My name is Cristina Zelenac and I belong to German Minority in Romania. Since July 2016 I am a part of the YOU.PA -Young Potentials Academy- Program, which offers professional chances and perspectives to young people, who engage themselves for the minority rights. The program aims to support and to strengthening the work of the German Minority Organisations in the Central and Eastern Europe.
Within the third training module as an education manager I wanted to do an internship with the organisation working in the field of non-formal education, youth and minorities. For that the Youth of European Nationalities seemed to be ideal. Therefore, I have had a chance to accompany the work of YEN in their Berlin office for two weeks.
My workday at YEN was a great varied mix and the time was tight. Mostly, I was involved in the field of communication and planning of the educational part of the seminars. Also writing and editing of contributions on the subject of minority and youth policies belonged to my tasks.
Besides the winning the insights of the daily office life, I had a chance to meet the partners and the network of YEN. Together with the Secretary General I visited the German Youth in Europe (djo). The DJO is active in many aspects of the youth work such as extracurricular educational work, recreational activities, as well as cultural activities and integration work. As an umbrella organisation they gather compatriot groups and self-organised migrant youth groups. It was very interesting to hear how the organisation transformed over the years and how it is organised nowadays.
One of my personal highlights was a visit to the Minority Secretariat for the four autochthonous national minorities of Germany, which has an office at the Federal Ministry of the Interior, Building and Community. Even though I have already known the head of the secretariat and their office, this time the conversation and exchange were much more valuable for me as we discussed explicitly transregional youth work of the minorities and the future cooperation with YEN. Especially in the context of youth and its support being a priority for the current Federal Government Commissioner for German Resettlers and National Minorities. Later on, we also visited the Working Group of the German Minorities (of the Federal Union of European Nationalities), which was very important for me as a member of the German minority myself.
Another interesting meeting, I had, was with the coordinator of the Minority Changemaker Program, Wienke Reimer. This initiative of the border region organisation Grænseforeningen, aims in training engaged young people in the subject of minorities and the future of Europe. The course will be a 13 weeks program offering education and accommodation to the European students, who even though mainly working with the methods of non-formal education, can still gain academic credits. As the launch of the program is planned for 2020, this year there will be so called Minority Labs organised, where young people can bring their ideas and contribute to the design of the program.
On one day, YEN was also visited by Mr. Johannes Callsen, the Minority Commissioner of Land Schleswig-Holstein. That way I have also gained an insight on how the current minority policy on the regional level looks like and that directly from the Best-Practice-Example: Schleswig-Holstein is the only State in Germany, which has such a post of the Minority Commissioner (already for 30 years!).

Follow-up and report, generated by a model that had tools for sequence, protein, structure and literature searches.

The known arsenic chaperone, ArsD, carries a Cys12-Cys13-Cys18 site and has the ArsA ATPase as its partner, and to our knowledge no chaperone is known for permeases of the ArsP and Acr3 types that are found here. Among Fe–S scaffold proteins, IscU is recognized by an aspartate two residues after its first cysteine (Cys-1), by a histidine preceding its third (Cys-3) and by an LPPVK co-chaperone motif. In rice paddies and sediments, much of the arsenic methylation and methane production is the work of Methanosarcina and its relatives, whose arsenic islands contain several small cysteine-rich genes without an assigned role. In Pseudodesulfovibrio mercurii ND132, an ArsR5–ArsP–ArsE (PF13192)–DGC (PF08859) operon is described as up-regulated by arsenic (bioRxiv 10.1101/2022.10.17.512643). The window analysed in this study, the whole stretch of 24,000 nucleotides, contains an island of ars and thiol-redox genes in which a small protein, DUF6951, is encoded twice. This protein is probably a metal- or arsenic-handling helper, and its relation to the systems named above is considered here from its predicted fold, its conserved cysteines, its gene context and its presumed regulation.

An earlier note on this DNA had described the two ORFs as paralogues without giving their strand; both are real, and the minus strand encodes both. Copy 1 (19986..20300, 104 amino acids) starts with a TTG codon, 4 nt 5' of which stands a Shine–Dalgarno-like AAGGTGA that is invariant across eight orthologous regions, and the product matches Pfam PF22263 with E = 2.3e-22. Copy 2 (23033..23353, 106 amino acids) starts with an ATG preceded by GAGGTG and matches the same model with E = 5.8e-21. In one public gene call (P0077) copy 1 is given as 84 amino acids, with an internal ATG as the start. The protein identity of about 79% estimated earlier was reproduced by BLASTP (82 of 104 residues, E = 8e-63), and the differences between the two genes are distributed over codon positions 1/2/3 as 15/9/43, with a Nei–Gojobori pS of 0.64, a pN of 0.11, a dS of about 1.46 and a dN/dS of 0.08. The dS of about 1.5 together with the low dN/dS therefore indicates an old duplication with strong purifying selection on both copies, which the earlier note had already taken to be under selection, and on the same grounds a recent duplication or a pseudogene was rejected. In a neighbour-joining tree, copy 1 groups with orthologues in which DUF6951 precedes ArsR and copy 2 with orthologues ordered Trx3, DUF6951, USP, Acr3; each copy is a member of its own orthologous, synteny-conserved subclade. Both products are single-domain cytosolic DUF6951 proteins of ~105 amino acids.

Furthermore, I had a chance to take part in the yearly meeting of the Non-Kin-State Working Group of FUEN, which took place in the Documentation and Cultural Centre of German Sinti and Roma in Berlin. Not only the urgent topic of media and digitalisation was engaging, but also to experience how the rights and the situation of different minorities without kin-state can differ. About some of the minorities, I have learnt only at this meeting. What was especially great, was to hear about the particular challenges and successes of the last years and how aim-oriented and active these minorities are.
Also, the meeting and discussions with the colleagues from FUEN on the Minority Safepack Initiative brought me a lot. That way I was updated on what the current situation is and I have understood the particular aspects of the initiative much better. Especially that often it is the significant details that get lost in the hectic media coverage.
It is important to create and support the possibilities for the exchange and discussion, in which we can learn from one another, search for solutions and ways to overcome the challenges. Very often I was concerned with how through parallel structures so much resources, energy and potential get wasted. With my time at YEN it became however clear, that in the field of minorities and youth, the target groups are very diverse and with different needs. In order to reach out to all of them, every initiative counts. In particular the cooperation between different actors from the regional, national and European level must be enhanced, to achieve a detectable change in the society. And as every seventh European citizen is a member of the ethnic or national minority, it does relate to us all. In that context the work of YEN is a magnificent link supporting that change.
I enjoyed the work and time spent with the small, but very engaged and powerful team of YEN. In that time, I gained a lot of background knowledge, know-how which helps me understand the context and various actors, who I had a chance to meet. That has only made me even more ambitious, to be active in that filed and follow my interests and heart.
From YEN-Office & Board: We want to thank Cristina very much, for the time and engagement she brought to us. It was great to have you as a team-member!
For those, who are interested in intership in our Berlin Office, write us: firstname.lastname@example.org!